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Yes, we're in promo mode...
I missed a trick with Olives - A Violent Romance, in that I didn't focus early enough on the global online community. That's partly because I had a printed edition of the book which was targeted at the UAE. Later on, I shifted focus from 'traditional' and Middle-East focused online media to book bloggers and reviewers and had compiled a sizeable database of sites after a while. For Beirut - An Explosive Thriller, which will launch as an online-only book (both ebook and print), that online community is even more important. In fact, it's crucial.
That means trawling through, literally, hundreds of book review blogs to find appropriate reviewers. What makes a book blog appropriate? Here's Alexander's handy ten point book blog selection filter:
1) Is the site well formatted and readable?
Purple 6 point text on a cyan background with ebulliently serifed fonts, illustrations that 'crash' on the page and thousands of buttons, awards and widgets? If you find it hard to read, so will visitors. It just takes a quick check for 7) before we move on.
2) Is it updated?
If the last post was in July, we move on.
3) Is it well written?
I'm not talking about the odd literal, but you're putting your work into someone's hands and accepting their review of it. If they clearly aren't able to express themselves, it's not going to be as smart an investment in time as finding someone who - even if they don't like your work - can effectively reason a conclusion regarding that work. The vast majority of book blogs don't fall into this bucket, avid readers tending to be literate, but there are some that do and I choose to avoid them.
4) Does the site review in your genre?
If the last ten reviews have young men with eight-packs on the covers and titles like Love in Wyoming, I can't quite see Beirut floating the reviewer's boat. Olives was easier in this respect as it did wander into romance crossover territory, but Beirut is a pretty hardcore international spy thriller. A nip into the 'Review guidelines' to check the reviewer's preferences and we can both save ourselves some time.
5) Is the reviewer accepting reviews?
Closed to submissions means just that. Quite a few blogs have put this up as the reviewer drowns in the weight of eager, breathless little books scratching away at their skin. Ignoring it just wastes everyone's time. You can always put these in a separate list to check back in a couple of months. Often you'll find 5) and 2) signal that the blogger has decided to go back to reading for enjoyment rather than being hassled 9-5 by authors shrieking 'review my book!'
6) Does the reviewer accept ebooks?
I can't stress enough how much time and hassle is avoided by reading the review guidelines - and conforming to them. And when a reviewer says no ebooks, they mean it.
7) If not, does the site have significant reach?
For about $8, I can put a review copy in anyone's hands, anywhere in the US and Canada. For about £9.99 I can cover much of the rest of the world via the Book Depository. Now the question becomes how many of these outlays do you want to/can you make? And then, when you have a budget defined, where is it wisest to spend it?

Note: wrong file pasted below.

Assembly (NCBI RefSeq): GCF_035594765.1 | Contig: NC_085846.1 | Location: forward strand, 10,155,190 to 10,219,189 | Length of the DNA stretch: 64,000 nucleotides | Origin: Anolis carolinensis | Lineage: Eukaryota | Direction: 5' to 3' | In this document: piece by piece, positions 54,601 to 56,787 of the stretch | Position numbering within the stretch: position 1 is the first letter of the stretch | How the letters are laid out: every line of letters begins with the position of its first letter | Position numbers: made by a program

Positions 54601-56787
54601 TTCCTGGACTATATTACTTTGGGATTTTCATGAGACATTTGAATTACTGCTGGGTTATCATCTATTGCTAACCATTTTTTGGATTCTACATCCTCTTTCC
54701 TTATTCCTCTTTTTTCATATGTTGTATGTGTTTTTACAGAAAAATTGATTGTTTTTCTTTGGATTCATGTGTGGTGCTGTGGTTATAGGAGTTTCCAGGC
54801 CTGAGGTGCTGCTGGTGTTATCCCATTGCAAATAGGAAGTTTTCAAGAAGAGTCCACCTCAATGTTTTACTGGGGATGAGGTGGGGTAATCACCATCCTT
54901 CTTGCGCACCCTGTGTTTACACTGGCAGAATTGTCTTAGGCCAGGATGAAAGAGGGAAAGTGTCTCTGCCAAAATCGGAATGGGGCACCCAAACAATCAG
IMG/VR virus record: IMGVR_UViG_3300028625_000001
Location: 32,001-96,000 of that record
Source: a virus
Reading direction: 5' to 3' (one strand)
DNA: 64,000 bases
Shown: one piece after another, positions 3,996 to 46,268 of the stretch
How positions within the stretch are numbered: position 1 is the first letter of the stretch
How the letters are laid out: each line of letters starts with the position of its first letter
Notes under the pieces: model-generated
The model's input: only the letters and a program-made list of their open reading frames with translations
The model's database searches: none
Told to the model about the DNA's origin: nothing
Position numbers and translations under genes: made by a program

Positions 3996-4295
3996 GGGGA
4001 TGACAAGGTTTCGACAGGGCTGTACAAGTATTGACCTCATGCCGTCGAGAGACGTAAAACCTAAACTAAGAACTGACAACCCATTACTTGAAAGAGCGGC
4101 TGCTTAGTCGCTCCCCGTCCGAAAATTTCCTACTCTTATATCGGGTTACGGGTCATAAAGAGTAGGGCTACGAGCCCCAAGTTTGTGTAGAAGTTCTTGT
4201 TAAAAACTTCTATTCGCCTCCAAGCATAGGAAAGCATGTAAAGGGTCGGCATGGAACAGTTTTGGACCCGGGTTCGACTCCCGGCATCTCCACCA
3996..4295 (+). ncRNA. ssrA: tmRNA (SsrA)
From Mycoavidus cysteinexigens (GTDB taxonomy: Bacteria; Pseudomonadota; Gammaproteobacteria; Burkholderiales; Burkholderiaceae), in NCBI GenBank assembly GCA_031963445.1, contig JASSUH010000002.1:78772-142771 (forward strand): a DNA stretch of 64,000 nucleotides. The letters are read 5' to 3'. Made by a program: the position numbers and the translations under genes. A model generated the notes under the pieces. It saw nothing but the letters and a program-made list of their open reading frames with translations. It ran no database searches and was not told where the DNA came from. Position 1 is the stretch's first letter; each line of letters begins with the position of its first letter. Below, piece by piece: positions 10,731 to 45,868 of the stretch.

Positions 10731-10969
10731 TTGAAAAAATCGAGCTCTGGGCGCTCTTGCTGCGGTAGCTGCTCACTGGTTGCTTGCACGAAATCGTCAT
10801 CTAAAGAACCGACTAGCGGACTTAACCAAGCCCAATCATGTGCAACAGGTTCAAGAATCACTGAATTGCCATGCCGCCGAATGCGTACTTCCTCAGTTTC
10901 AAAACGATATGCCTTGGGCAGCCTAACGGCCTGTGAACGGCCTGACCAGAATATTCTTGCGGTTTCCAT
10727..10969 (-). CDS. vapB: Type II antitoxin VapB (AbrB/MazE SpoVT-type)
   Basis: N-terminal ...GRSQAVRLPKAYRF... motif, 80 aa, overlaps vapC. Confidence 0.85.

How do you tell whether a blog has reach? That's whole piece in itself, but comments and followers are a start. Bear in mind these days that Twitter and Facebook form a part of any site's 'reach', but as a rule of thumb few followers, lacking likes and a quiet blog are probably not where you want to spend your bucks.
8) Does the site have reach?
Does it matter? Unless you're eking out your print promo budget because of 7) above, you're looking at the cost of an email or two and a Kindle/epub file. If the blog gets 50 visits a day, that's 50 more people that knew about your book than yesterday. A hundred emails will take you a couple of days to send out, but net you 5,000 eyeballs. Anything above that is bunce. Many book bloggers also post to Goodreads and Amazon, so there are also signficant multipliers there. And, of course, you can share the review with your own followers. So reach be damned!
9) Is there a clear review policy?
Most book blogs have clear review policies that are straightforward and common sense and generally my submission package would conform to these. Where this isn't the case, it's important to reflect the policy and make changes. A personal touch is always appreciated, of course. In a few cases where I've come up against stringent and onerous review policies (such as extensive online forms) I've passed.
10) What's the TBR like?
Most book bloggers have a very long To Be Read list and it's not unusual to see reviews three or even six months out. So the sooner you get out to them, the better.
And what about paid reviews, listings and other services? I avoid 'em like the plague and will continue to do so unless I get some very clear recommendations from writer friends that a given service has worked. And so far I haven't.
If you've got a blog and you'd like a review copy of Beirut, BTW, do just leave a comment or ping me @alexandermcnabb.